Why Your Business Needs to Start Conducting Business Retrospectives Now

Retrospectives are traditionally well-used techniques to anchor continuous improvement for an essentially stable and agile development environment. In contrast to the original application, industries have elevated them to a stabilizing function, for both step-function improvement and a continuous improvement methodology for the whole business operating in highly dynamic and agile development environments with unknown stability. With a strong methodology background, we develop insights from surfaced observations, deduct problems from insights, and perform root-cause analysis on problems resulting in a continuous improvement prioritization to create an agile development environment.

Operational Agility as Coping Strategy for the Crisis

A new, impressively powerful study conducted by The Economist reveals insights into the global economy. This study, “First Global Business Barometer” compiles data from 2,700 private sector executives from 118 countries, gauging their outlook of the global economy for the next three months. And not very surprisingly, this global economic outlook is very pessimistic (-39 on a scale from -50 to +50).

Despite certain industries, retail and technology for example, which try to gain market share, the majority of organizations plan to increase operational effectiveness and organizational agility. These organizations recognize that they want and need to sense and adapt to changing market situations much more rapidly and more frequently, specifically in the following areas:

  • Strengthening the ability to adapt organizational agility without sacrificing productivity
  • Tackling huge gaps between increasing costs and decreasing productivity
  • Orchestrating islands of automation and driving coverage along all business processes, not just IT

These concepts are not new for either IT or business stakeholders. Still, the above concepts of organizational agility, gap addressal, and orchestration ultimately aim to bridge gaps between business, development, and operations. They are crucial for an effective, sense-and-adapt organization.

Financial Performance Demands Operational Agility as the Answer to Stagnating Revenue Streams

I believe that these areas are compelling and crucial to rescue financial performance. Otherwise, stagnating revenue streams will dilute them. In times when “scaling the enterprise” down and up again is the norm, operational agility is a necessity. However, one myth needs to be cleared up—this does not mean that your tasked workforce will work more. It means people will work smarter, be better integrated, and prioritize work valued the highest. By transforming one of our clients in the financial services industry over three years―we helped them become more agile and could prioritize better―they could free up $51 million of their $151 million technology budget while increasing business outcomes and employee satisfaction. They were proud that we were “helping optimize and focus, and able to see business work that can be stopped or deferred… from strategy to execution.”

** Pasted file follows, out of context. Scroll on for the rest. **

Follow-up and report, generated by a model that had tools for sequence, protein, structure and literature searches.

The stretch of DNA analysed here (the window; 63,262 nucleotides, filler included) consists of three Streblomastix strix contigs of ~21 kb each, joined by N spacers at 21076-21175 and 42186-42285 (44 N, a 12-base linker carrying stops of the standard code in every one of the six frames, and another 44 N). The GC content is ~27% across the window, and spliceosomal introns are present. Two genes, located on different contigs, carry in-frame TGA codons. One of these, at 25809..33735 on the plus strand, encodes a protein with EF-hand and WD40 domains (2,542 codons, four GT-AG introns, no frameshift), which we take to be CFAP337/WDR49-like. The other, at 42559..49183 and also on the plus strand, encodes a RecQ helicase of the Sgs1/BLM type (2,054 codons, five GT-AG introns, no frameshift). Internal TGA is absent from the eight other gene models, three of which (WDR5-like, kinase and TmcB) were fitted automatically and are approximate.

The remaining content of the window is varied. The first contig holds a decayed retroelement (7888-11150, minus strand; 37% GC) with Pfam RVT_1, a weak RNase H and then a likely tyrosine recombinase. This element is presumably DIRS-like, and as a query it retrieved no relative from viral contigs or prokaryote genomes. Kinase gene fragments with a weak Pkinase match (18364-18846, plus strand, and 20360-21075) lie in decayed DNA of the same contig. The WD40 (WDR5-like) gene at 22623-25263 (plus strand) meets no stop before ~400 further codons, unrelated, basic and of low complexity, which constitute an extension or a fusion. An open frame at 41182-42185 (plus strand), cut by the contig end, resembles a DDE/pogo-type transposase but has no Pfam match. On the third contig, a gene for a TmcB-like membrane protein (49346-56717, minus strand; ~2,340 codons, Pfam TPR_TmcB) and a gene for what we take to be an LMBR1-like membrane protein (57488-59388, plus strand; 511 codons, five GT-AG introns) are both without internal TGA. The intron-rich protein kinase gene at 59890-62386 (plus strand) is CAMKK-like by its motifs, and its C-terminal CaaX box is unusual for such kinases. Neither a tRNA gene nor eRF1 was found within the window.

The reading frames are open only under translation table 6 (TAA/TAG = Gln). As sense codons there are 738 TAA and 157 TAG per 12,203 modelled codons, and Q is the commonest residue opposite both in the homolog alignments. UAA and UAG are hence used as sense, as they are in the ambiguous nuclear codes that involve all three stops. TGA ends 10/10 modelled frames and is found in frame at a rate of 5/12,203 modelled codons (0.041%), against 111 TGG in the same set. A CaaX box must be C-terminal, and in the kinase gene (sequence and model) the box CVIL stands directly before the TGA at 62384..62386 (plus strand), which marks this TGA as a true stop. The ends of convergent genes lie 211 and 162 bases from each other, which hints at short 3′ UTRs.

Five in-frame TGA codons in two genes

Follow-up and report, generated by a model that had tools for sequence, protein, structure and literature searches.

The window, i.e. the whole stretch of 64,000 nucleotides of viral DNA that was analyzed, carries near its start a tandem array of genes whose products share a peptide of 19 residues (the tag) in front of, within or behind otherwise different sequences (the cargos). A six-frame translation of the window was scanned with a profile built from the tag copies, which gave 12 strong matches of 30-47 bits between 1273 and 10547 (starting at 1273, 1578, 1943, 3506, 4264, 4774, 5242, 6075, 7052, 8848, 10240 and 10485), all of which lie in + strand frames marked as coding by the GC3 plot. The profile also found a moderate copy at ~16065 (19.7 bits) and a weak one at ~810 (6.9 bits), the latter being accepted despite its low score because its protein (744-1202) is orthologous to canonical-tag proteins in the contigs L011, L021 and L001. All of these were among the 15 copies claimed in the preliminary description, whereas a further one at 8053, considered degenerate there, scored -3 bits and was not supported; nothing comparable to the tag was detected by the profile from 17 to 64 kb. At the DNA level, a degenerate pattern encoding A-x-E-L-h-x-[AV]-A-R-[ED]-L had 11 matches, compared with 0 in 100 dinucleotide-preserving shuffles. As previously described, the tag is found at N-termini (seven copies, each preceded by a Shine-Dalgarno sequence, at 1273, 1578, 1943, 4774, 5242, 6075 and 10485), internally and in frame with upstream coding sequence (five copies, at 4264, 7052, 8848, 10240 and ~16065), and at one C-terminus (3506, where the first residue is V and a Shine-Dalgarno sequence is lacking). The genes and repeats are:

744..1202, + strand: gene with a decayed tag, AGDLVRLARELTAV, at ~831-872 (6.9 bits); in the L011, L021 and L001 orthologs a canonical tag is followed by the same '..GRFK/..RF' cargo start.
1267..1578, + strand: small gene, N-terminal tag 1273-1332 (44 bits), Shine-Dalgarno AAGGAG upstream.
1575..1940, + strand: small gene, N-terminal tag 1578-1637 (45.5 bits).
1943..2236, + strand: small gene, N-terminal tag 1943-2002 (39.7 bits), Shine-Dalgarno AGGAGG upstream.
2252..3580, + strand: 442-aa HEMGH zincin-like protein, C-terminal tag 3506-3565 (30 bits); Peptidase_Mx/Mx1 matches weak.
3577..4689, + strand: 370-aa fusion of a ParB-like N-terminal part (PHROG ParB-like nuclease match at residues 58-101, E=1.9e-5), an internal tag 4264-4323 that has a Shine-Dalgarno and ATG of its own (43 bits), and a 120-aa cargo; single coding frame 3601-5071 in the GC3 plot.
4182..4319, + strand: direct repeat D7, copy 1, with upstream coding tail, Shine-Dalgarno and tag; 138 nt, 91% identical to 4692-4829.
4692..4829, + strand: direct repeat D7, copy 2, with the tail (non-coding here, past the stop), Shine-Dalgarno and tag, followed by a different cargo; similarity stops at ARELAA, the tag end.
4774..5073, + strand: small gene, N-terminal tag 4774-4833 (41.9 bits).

While technological change is progressing exponentially, corporate culture changes gradually. Over the last decade, our team at Enterprise Studio has helped several hundred corporations to establish and sustain continuous improvement along their major value streams. As a deliberate approach, continuous improvement drives cultural, process-driven, and technological change by starting from where you are today.

Hitting Rock-Bottom as a Tipping Point for Generating Momentum

One of the pioneers in leadership, Peter Drucker, said, “The greatest danger in times of turbulence is not the turbulence; it is to act with yesterday’s logic.” Hitting rock-bottom is a perfect tipping point for getting momentum on new ways of working, which fully supports Harvard Business School professor John Kotter’s eight-step framework: The sense of urgency for change is there and just needs to be made visible. The leadership team needs to act as a guiding coalition, participating and contributing to a business retrospective, which develops a clear vision for change and shares that with the organization. Then the critical steps of communicating to the corporation and empowering people to act on the vision to create short-term-wins can be scaled in the enterprise.

Change Needs to Come From the Inside and Supported From the Outside

Confirming and undermining the sense of urgency can clearly come from outside the organization―an objective (and external) point of view, a blameless approach, and a tone encouraging improvements in a "safe environment" are critical elements.

Next to a strong methodology backing of the facilitator, business retrospectives demand for ad-hoc advisory estimations on expected effectiveness of deducted improvement areas.

Intense depth and breadth of knowledge along the operational value stream as well as the software development value stream are required. There is nothing more discouraging than a leadership team coming out of a planning meeting with a backlog full of non-tangible or ill-suited recommendations.